Deceased February 23, 2015

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50th Reunion Book Entry


In Memory

The class of ’56 has lost an outstanding man. Jon, at the time of his death, was serving as chief of the neurology service at the District of Columbia VA Medical Center, as professor of neurology at Georgetown University and as clinical professor of neurology at the Georgetown University School of Medicine.

His areas of specialty were metabolic disorders such as Leigh’s Disease; the mechanism of action of anti-seizure drugs such as Phenobarbital and Dilantin; and Parkinson’s disease and other movement disorders.

After Amherst Jon earned his M.D. from Columbia College of Physicians and Surgeons. He spent 25 years at Yale, rising from a resident to a full professor of neurology. In 1986 he was appointed chair of neurology at Georgetown University, becoming chairman emeritus in 2000. He was a fellow of the American Academy of Neurology and served as a member of the American Neurological Association for two years.

Jon was also an author. In addition to more than 150 articles, he co-authored a well-known textbook, Behavioral Neurology. He also published a book based on extensive research, What Makes Killers Kill. I have read it, and it is excellent and still highly relevant.

Alan Levenstein ’56 remembers that, during our junior year, he and Jon were cast in a Bernard Shaw one-act play, Great Catherine. The two of them competed for the most outlandish Russian accents they could produce. Alan said that, if Jon had not gone into medicine, he could have been a wonderful character actor. Jon, we will miss you greatly!

James C. Blackburn ’56

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50th Reunion

I  very much treasure the education I received at Amherst. During the four years I spent there, under the influence of my friends and the faculty, I learned to think and to express what I thought. I think that my association with Amherst helped to propel me into my career (academic medicine) and I am very grateful for that too.

The positive aspects of my education were so good  and   important, it seems querulous to harp on the negatives  but  there were a few. To my dying day, I will resent having been forced to attend Christian religious services (Chapel) twice weekly while I attended Amherst. The tremendous emphasis that forced us to conform socially also remains a sore spot, though both made it easier for me to succeed in the WASPy world of Columbia P and S and Yale, where I spent 25 years.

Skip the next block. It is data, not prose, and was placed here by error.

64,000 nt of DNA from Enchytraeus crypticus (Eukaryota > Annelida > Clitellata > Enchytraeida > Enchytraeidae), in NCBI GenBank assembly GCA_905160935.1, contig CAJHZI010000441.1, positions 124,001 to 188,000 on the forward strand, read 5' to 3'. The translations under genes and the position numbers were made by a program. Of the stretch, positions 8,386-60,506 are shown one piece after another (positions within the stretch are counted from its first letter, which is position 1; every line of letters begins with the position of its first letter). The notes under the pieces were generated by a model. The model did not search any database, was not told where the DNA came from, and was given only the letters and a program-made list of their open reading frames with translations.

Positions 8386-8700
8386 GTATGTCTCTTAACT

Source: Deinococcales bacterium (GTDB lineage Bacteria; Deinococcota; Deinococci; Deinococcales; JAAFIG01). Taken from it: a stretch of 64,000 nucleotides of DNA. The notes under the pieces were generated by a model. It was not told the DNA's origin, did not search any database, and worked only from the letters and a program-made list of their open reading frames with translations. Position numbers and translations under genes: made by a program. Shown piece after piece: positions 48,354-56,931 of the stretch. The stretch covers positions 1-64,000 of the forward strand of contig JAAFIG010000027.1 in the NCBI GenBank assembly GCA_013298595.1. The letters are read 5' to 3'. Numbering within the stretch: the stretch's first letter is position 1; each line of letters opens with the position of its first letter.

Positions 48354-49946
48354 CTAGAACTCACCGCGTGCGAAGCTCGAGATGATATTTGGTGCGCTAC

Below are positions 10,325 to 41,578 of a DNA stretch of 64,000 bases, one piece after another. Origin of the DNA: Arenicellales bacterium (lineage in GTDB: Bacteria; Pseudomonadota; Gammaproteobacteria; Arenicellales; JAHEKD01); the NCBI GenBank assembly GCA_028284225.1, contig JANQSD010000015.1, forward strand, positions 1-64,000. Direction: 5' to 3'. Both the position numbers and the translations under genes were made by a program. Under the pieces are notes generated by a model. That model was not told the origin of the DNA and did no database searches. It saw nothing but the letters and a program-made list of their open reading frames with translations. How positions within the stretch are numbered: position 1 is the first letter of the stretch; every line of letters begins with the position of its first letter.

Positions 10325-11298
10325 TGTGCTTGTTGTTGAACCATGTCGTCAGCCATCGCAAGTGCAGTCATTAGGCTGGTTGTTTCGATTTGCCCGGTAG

My residency training in Neurology was followed by faculty appointment. During those years my laboratory and clinical research, teaching, and patient care responsibilities provided me with deeply satisfying experiences that I would repeat in a second, if the opportunity presented for me to relive my life. I would have had it no other way.

Many of my medical colleagues and classmates feel that they would not consider following a career in medicine in today's reality of HMOs etc. I do not agree with them. The scientific problems on which I have worked with some success will always be there; patients will always need their doctor's skills and knowledge; and medical students will always need teachers of medical art and science. My need to be needed would probably carry me toward medicine even if the remuneration were half what it has become.

I married for the third time a year ago a wonderful woman whose companionship I enjoy and whose intelligence and dignity I respect and honor. She has two lovely daughters one of whom lives nearby with her husband (an Orthodox rabbi in Baltimore) and 5 children. My oldest son, Daniel, lives nearby. He bas 6 children I by his first wife who also lives nearby with their beautiful, delightful 13-year-old daughter and. other five nearby as well; my middle son, Jeremy, It in Boston with his wife and two gorgeous children; my youngest, Adam, lives in Jerusalem, Israel his charming Israeli wife. They have four marvelous.

Theirs is a very wholesome, observant household. My son is an ardent religious Zionist. Between us, my wife and I have 17 grandchildren, thus far. Her youngest daughter has just married.

I still work full-time as chief of the Neurology service at the VA Hospital in Washington DC. We have a 16 bed in-patient service, 8 attendings, a residency we share with Georgetown University (18 residents) and we teach half the 250 Georgetown 3rd year medical students for whom Neurology is a required course. Having retired as Chair of Neurology at Georgetown University, I remain a full professor and look forward each day to my administrative, teaching, service, and research responsibilities. They will have to carry me out. I will never voluntarily retire.

I seem to be in remission from a nasty illness, Primary Amyloidosis, for which I travel to London twice a year for checkups. They have put me on a conservative treatment program that has worked wonders over the past three years. It is a very bad disease at times but I have not lost a day to illness since I first developed it, thanks to my own doctors there. I am very well impressed by the NHS and the idea of a single payer r tern of medical care, needless to say.
I hope to be there for the 50th and the 55th.

 

Jonathan Pincus

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